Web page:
Have you ever needed to discuss your writing with your supervisor but struggled with identifying the questions you need to ask? Graduate Writing Advisor Rob Desjardins with the Student Success Centre shares his insights on getting the most from your conversation.
Here’s a pop quiz for graduate students. Which of the following things are you least comfortable discussing with your graduate supervisor:
(a) worries about your work schedule;
(b) concerns about your RA salary;
(c) uncertainties about your research methodology; or
(d) questions about your writing?
If you answered “(d),” you’re not alone. Many, perhaps most, of your colleagues would say exactly the same thing. There’s something about the writing process — and the way we think about it — that makes many students feel insecure and defensive. “I can’t ask her for guidance in drafting my lit review,” they figure. “I’m supposed to know how to do this. I don’t want to seem ignorant and unprepared.”
As a result, many students forge ahead without getting good strategic advice. They spend many hours developing and drafting a key document or chapter on their own. Then, in many cases, their supervisors aren’t satisfied with the results. The students are forced to go back to the drawing board, spending many more hours on a document of which they are now growing very weary.
I’ve worked with many writers caught in this trap. Based on their experiences, I can confidently say: you have nothing to lose, and much to gain, by asking for strategic guidance early in the process.
And your supervisor won’t think any less of you for it — provided you ask the right questions, at the right time, in the right way.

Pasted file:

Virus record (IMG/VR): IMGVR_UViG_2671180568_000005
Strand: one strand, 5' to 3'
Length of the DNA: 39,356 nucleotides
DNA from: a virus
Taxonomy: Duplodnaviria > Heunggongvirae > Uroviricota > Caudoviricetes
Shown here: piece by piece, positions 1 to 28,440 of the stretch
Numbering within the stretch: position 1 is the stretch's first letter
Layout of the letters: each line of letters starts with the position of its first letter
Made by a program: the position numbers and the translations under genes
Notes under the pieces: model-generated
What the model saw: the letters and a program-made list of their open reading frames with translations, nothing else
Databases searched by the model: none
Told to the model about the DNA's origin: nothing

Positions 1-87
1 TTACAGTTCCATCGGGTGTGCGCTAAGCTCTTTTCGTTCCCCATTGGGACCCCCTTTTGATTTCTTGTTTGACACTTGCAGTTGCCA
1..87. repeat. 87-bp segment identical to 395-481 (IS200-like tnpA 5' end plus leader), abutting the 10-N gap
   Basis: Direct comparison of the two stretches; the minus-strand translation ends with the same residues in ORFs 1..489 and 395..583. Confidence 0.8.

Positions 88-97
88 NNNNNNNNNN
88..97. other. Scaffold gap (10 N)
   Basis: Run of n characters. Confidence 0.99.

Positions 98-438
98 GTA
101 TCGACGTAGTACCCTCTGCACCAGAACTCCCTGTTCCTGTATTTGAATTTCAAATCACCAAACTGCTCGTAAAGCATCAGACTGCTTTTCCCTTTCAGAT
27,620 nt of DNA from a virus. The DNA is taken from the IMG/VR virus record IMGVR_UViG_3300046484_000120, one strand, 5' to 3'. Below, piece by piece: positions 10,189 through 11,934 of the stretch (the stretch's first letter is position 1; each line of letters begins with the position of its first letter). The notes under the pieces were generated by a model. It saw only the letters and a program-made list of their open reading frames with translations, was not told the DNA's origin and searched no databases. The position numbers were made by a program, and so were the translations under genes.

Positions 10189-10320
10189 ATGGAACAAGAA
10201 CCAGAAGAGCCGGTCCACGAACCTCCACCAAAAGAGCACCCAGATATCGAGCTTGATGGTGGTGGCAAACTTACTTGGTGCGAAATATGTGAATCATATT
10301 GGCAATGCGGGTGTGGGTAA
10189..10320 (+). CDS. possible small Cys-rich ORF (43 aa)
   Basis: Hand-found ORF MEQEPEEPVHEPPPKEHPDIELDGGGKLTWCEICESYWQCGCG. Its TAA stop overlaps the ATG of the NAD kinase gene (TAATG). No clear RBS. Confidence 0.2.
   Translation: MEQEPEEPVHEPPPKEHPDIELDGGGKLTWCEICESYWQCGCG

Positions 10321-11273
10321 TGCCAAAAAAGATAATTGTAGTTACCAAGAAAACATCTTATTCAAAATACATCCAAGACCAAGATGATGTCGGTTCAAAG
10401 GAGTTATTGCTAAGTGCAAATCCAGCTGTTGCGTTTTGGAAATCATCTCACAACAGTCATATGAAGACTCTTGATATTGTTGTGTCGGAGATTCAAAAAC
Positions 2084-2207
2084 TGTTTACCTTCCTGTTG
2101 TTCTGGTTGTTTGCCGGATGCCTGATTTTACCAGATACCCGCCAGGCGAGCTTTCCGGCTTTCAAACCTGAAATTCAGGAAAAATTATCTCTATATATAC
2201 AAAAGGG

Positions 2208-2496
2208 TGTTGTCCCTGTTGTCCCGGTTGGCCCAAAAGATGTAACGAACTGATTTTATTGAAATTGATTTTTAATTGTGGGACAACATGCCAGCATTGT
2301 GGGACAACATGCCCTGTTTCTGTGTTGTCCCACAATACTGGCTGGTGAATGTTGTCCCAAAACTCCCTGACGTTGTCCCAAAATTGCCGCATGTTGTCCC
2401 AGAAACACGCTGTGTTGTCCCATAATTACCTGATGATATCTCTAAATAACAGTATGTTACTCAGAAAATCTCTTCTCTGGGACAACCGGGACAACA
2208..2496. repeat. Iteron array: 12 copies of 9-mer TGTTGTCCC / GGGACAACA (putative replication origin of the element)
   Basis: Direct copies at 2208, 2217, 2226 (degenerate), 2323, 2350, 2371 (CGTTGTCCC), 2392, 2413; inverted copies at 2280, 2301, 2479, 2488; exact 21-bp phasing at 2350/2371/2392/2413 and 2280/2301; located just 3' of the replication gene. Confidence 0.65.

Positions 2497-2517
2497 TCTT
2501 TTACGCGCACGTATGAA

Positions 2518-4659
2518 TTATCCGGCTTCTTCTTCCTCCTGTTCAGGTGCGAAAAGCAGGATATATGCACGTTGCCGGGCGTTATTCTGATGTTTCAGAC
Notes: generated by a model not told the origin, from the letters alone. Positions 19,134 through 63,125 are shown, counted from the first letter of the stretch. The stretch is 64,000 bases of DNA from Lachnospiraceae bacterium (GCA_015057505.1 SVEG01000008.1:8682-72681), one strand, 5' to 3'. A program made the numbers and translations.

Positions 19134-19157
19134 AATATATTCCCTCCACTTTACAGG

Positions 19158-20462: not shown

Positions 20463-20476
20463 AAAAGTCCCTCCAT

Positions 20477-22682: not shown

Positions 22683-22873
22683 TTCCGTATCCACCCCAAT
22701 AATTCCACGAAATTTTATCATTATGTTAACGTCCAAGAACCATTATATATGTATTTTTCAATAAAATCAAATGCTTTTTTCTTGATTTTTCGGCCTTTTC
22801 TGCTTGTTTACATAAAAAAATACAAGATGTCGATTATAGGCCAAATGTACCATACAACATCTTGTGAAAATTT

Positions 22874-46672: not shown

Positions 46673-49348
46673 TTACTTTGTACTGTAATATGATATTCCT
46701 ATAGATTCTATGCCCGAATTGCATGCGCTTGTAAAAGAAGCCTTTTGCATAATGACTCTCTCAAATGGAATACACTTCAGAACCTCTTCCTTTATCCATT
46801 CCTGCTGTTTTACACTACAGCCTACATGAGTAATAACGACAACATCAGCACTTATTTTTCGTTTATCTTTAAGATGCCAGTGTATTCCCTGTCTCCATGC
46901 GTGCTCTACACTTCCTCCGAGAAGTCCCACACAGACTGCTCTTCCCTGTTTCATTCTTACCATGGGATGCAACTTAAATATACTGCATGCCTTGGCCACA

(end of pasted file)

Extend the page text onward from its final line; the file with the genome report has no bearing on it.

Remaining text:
Ask the right kinds of questions. If you’re like most writers, your first thought on getting an assignment is: “I have absolutely no earthly idea how to do this. Where do I start?” It’s natural to feel this way…but be careful, because this sort of open-ended question isn’t likely to win a helpful response from your supervisor. S/he may feel it’s your responsibility to inform yourself about the project; and s/he may simply be baffled by such a broad and unfocused question.
It’s best to approach supervisors with informed questions that reveal that you’ve already given some thought to the writing task (and looked around at exemplars to see how others have tackled it). For instance, if you’ve been assigned a literature review, do some focused reading, make a thoughtful plan for the document, and share the outline with your supervisor. Explain your tentative plan, noting that you’d like to get her or his sense as to whether you’re on the right track. That’s the sort of question that will pay dividends: it will show that you’re thinking creatively and strategically, and it will make it much easier for your supervisor to think critically about the project.
Time your questions well. Don’t be shy, but don’t be overbearing: find the “Goldilocks zone” between too many and too few questions. Generally speaking, it’s good to get input on a major document (such as a thesis chapter) quite early, as soon as you have crafted a general plan for approaching it. And then there’s nothing wrong with “checking in” with specific, focused questions on a regular (say twice-monthly) basis.
Frame your questions approproately. If you hope to get timely answers to your questions, keep in mind that less is more. Send your supervisor a 35-page or 60-page attachment, asking him or her to provide broad and general feedback, and you can expect to wait weeks, or longer, for a reply. But send him or her a one-page excerpt of your work, asking just one or two very pointed and specific questions reflecting your primary concern(s) (“Here’s how I’m tackling [a given problem]; does this seem to work?”), and you can expect a much quicker response. This has the added benefit of alerting your supervisor to any serious concerns early in the process, so that he or she can help you deal with them more effectively.
Here’s a trade secret that very few supervisors will tell you: they find writing challenging too. We all do. So there’s nothing wrong with asking for help. Do it effectively and you’ll learn an enormous amount — making the time and energy you invest in your graduate education even more worthwhile.